Anyone who has handled the task of cleaning leaves out of gutters can attest to how annoying the job can be, but one solution many homeowners look into is adding gutter covers. There are a variety of systems, including ones that use mesh screens and full helmets, to keep debris out of gutters. Before you decide how you'd like to tackle the problem, it's a good idea to get some information.
The two dominant forms in the industry are screens and helmets. A screen acts as a filter to keep the largest bits of debris out, while a helmet is designed to only let water into the gutter. Screens are significantly easier for gutter cover services providers to retrofit to existing setups. If you're replacing the whole system, it may be worth looking into an all-in-one setup that includes a built-in cap.
You'll find a number of different types of products on the market, but most will be made from nylon, plastic or metal. With the nylon and plastic options, you'll have less trouble with corrosion over time. They also tend to perform better in environments that receive a lot of snow. Metal options may be more appealing to folks who have serious customization requirements.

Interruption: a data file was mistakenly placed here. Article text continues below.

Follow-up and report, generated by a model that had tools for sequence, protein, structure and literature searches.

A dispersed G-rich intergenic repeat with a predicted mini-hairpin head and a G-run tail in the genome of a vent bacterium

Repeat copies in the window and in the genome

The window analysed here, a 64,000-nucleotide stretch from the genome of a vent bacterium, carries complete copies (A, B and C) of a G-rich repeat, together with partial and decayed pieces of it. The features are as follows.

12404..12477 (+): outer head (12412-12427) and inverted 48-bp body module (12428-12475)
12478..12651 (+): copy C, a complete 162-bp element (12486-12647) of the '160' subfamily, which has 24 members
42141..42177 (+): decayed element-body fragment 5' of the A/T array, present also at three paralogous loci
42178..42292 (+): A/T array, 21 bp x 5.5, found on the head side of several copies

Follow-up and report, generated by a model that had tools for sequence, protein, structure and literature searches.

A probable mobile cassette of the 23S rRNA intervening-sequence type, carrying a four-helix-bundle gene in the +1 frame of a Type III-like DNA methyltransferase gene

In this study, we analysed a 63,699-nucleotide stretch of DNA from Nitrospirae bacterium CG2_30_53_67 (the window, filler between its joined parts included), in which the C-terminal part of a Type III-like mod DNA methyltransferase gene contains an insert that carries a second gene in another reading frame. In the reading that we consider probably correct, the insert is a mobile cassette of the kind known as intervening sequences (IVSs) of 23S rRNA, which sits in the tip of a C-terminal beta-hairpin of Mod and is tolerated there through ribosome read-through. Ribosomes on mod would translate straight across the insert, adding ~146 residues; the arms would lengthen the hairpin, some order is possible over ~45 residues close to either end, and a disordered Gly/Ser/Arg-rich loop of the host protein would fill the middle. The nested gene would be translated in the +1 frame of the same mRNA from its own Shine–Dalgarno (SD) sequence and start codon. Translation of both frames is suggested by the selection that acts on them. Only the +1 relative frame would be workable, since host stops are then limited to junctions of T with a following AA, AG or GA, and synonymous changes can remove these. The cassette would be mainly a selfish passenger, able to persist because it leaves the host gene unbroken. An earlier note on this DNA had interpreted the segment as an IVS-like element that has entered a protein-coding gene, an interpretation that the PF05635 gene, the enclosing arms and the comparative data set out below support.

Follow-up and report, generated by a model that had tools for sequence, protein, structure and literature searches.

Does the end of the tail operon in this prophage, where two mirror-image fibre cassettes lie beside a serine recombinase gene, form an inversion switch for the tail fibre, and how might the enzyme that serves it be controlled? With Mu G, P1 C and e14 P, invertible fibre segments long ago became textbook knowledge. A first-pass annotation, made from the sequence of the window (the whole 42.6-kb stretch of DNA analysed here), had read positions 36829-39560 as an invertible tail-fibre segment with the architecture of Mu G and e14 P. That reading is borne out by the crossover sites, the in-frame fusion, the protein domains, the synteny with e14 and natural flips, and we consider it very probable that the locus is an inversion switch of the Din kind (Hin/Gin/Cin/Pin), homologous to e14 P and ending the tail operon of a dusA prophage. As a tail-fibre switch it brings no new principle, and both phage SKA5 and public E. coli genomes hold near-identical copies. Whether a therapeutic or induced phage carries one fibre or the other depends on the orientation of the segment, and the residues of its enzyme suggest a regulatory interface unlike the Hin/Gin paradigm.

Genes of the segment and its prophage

Any configuration with gutter covers will be significantly less messy to deal with, but fine debris can still present build-up issues over the course of a few years. You won't have to commit to the every-fall schedule you would with open gutters, but it's still important to keep things under control. Otherwise, you may find that the clogging of a screen or slot causes water to shoot right across the top of your gutters and into the yard, rather than being redirected to an appropriate drainage point.
Purchasing a middle-of-the-road system and having it installed on an existing setup should set you back between $1,500 and $2,000. The amount of work that'll go into retrofitting the gutter covers to your location will dictate much of the difference, as will the overall length and size of your existing gutters.
The biggest long-term advantage of adding covers is the reduction in risks. No one who lives in a cold climate wants to see ice building up and tearing down a large section of their gutters. Similarly, reducing the amount of time you'll spend going up a ladder cuts down risk, too.